Common Course Description and Common Procedures


Encounters: The First-Year Experience

General Studies 145, 146

A two-semester introduction to the liberal arts and the academic construction of knowledge. Organized around a variable theme, this course takes as its broad topic the examination of encounters between peoples and cultures, and the formation and transformation of dominant and competing world views. The study of primary sources, discussion, writing, and the construction of knowledge across academic fields will be emphasized. The two semesters will be taught as a single year-long course, with the first semester a prerequisite for the second. The P-D-F grade option may not be elected for this course. The theme for the 2012-2013 academic year will be "Transformations."

Guidelines for Common Procedure in The First-Year Experience

  1. Writing assignments are to be set by each instructor within the following requirements:
  • Each semester, students will complete a minimum of four analytical written assignments in which they develop evidence-supported arguments.  These assignments must total at least sixteen original pages of writing.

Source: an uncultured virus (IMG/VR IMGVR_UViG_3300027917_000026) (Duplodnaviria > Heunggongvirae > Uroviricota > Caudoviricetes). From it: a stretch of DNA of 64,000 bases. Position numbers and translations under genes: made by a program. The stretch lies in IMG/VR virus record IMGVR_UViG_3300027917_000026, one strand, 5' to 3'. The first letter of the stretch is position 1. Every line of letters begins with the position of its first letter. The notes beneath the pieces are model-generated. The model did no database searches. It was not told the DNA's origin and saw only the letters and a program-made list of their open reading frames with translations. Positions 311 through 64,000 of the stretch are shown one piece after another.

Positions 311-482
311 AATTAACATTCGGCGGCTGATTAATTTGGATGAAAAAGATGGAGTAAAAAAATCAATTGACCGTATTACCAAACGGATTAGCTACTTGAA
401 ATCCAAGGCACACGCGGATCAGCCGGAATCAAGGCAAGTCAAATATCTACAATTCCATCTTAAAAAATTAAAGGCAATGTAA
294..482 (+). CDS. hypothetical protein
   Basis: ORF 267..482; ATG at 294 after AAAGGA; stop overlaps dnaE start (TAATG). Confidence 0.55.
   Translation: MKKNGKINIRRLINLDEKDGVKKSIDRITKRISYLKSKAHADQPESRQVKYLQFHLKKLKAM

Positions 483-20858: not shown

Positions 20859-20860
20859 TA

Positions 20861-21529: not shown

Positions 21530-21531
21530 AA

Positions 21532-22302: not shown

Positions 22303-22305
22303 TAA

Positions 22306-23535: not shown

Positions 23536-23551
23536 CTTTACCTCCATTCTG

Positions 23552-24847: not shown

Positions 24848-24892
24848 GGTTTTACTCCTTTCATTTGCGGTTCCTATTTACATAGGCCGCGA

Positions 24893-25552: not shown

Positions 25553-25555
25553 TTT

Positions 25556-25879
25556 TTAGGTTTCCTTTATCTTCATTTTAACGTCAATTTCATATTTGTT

• The course will also include practice in substantive revision.
  1. At the end of each semester, students will complete a final graded exercise distinct from the four minimum written assignments outlined above.
  2. Students who wish to change Encounters sections may do so only at the semester break, prior to the beginning of second semester, by making a request to the Registrar. Students are not allowed to choose which section they would like to enter. Those students who seek to change sections will be assigned to other sections by the Registrar.
  3. All assignments must be completed for a student to receive a passing grade. If a student fails to turn in a paper or to take an examination, that student must receive an F or an Incomplete for the semester.
  4. The penalties for academic dishonesty are described in the Statement on Academic Honesty and Plagiarism that all students accept as proper rules for academic behavior when they arrive on campus. These policies will be fully enforced by your Encounters professor.
  5. The grading criteria in the various sections are determined by each instructor. Some sections may place a greater emphasis upon some aspect of the students’ work (papers, oral reports, participation in discussion, examinations, etc.) in the determination of a course grade. This course has a common set of readings, but the process of evaluation is unique to each section.
  6. Attendance, itself, is necessary but not sufficient. This course seeks to enable students to develop their abilities to engage in critical and spirited discussion with one another and their professor, in ways that encourage them to be intellectually ambitious, vulnerable, and open-minded.  Students’ active participation in the conversation is thus essential.